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BARBIE AGLIO "Stories of My Life" One Up (**)

August 20, 1996|MIKE BOEHM

Aglio has been singing in Orange County clubs, churches and coffeehouses since the late '60s, when she was a regular at the Four Muses, long-ago hub of the South County folk scene. The story of her debut CD is that Aglio has an unerring voice--warm, sweet, deep and full, formal but not mannered--and a very confused record producer who doesn't know what to do with it.

A number of the 14 tracks are weighed down with superfluous, phony-sounding insta-shmaltz string synthesizers and programmed drums. One misbegotten song attempts to recreate an '80s arena-rock sound a la Starship.

Aglio covers the Beatles and the Eagles, singing them well, but defeating one of the main purposes of a coffeehouse singer doing her own album, which is to not have to sing "Desperado."

Her unadorned, voice-and-guitar performances work best until finally, near the end, Aglio and producer Hugh Ferguson find her right niche with a folk-country-bluegrass reprise of "Stories of Your Life," which earlier had received the synth-larded treatment.

The album should have been based principally on that earthy style, which highlights all the best qualities of this excellent singer.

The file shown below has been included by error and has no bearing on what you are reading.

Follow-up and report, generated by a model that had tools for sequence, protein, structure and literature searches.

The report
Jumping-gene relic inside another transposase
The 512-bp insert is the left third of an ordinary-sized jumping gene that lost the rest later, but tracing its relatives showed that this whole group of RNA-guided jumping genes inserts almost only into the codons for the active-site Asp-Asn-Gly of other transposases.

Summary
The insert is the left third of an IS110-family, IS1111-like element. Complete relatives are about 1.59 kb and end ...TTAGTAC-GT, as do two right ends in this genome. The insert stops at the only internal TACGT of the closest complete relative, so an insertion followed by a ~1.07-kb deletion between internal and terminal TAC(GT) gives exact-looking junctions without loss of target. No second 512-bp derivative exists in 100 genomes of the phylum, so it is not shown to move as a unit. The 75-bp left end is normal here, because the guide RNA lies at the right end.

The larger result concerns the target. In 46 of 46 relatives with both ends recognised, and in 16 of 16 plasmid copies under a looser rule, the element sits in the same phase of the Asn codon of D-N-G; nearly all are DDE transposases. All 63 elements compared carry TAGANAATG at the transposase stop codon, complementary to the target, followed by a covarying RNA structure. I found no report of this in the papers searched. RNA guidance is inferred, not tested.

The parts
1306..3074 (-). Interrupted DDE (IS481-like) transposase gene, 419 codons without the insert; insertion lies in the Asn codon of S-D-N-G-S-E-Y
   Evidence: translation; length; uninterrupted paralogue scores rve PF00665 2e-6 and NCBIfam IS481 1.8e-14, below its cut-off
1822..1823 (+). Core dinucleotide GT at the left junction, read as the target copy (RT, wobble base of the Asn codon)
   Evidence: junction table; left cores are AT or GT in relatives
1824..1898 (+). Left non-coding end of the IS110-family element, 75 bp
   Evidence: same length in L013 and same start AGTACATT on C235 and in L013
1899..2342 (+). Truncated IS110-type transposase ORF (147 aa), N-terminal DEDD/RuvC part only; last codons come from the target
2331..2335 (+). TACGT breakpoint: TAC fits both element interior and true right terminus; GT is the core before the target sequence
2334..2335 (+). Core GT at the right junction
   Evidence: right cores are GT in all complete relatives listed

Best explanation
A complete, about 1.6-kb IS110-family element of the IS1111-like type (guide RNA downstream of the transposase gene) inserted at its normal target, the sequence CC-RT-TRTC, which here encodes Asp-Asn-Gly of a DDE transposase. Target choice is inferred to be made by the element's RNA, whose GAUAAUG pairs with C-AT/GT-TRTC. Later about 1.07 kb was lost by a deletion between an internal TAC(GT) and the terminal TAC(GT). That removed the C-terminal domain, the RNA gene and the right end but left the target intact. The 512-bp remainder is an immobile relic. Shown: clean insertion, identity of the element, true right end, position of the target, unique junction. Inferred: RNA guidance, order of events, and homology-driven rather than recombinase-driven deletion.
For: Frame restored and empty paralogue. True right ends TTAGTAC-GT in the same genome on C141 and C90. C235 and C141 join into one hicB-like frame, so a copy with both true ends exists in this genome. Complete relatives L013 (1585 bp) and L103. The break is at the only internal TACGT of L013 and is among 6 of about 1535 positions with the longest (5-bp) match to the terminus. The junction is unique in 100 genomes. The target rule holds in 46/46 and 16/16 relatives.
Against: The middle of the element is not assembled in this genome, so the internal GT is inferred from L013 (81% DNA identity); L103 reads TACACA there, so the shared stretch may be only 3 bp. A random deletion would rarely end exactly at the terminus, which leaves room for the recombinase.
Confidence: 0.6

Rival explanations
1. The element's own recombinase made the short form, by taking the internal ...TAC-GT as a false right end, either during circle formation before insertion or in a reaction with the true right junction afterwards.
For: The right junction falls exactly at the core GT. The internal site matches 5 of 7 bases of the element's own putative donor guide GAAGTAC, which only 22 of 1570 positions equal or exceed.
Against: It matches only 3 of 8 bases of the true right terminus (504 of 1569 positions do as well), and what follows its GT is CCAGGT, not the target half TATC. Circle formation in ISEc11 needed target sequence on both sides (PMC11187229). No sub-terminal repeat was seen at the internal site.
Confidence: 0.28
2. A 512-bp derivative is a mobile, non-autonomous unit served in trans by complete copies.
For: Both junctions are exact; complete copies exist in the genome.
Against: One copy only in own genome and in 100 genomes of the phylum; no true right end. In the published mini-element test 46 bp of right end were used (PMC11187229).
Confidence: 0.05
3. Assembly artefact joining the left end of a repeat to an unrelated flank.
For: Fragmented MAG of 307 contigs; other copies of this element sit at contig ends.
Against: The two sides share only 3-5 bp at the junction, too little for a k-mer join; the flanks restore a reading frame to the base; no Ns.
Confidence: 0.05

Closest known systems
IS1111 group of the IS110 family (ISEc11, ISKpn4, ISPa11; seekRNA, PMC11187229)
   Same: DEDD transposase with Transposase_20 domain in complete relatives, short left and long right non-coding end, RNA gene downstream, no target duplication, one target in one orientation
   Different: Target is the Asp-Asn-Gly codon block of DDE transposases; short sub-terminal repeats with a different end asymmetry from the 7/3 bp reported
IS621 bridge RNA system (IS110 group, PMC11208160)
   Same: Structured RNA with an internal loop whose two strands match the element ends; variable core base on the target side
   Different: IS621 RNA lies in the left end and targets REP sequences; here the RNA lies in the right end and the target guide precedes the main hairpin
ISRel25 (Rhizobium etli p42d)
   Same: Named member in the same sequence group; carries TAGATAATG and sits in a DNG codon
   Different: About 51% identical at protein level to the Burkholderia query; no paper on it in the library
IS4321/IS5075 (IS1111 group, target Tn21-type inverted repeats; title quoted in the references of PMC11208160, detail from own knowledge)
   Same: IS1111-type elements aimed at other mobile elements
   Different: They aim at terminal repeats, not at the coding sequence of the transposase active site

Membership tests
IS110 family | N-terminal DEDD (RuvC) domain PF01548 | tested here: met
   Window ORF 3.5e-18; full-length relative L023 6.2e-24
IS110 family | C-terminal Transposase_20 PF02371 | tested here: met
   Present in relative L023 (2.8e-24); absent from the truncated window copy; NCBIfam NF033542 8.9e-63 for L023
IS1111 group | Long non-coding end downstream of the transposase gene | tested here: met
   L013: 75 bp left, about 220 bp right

Aglio's writing is simple and direct, tending toward homilies about family life. "Help Me to Take It Slow," a dark-hued prayer with a touch of Loreena McKennitt in it, is her best original; she also excels with "Leaning Back and Laughing," a rich evocation of the freedom and enjoyment that come with acceptance, written by the '60s O.C. folkie Steve Noonan.

"Story of My Life" could have been much more than it is, but it will be worthwhile if its trials and errors lead Aglio to a firmer future path. Her voice is a gem that deserves a proper setting.

(Available from Barbie Aglio, P.O. Box 3325, San Clemente, CA 92674.)


Ratings range from * (poor) to **** (excellent), with *** denoting a solid recommendation.

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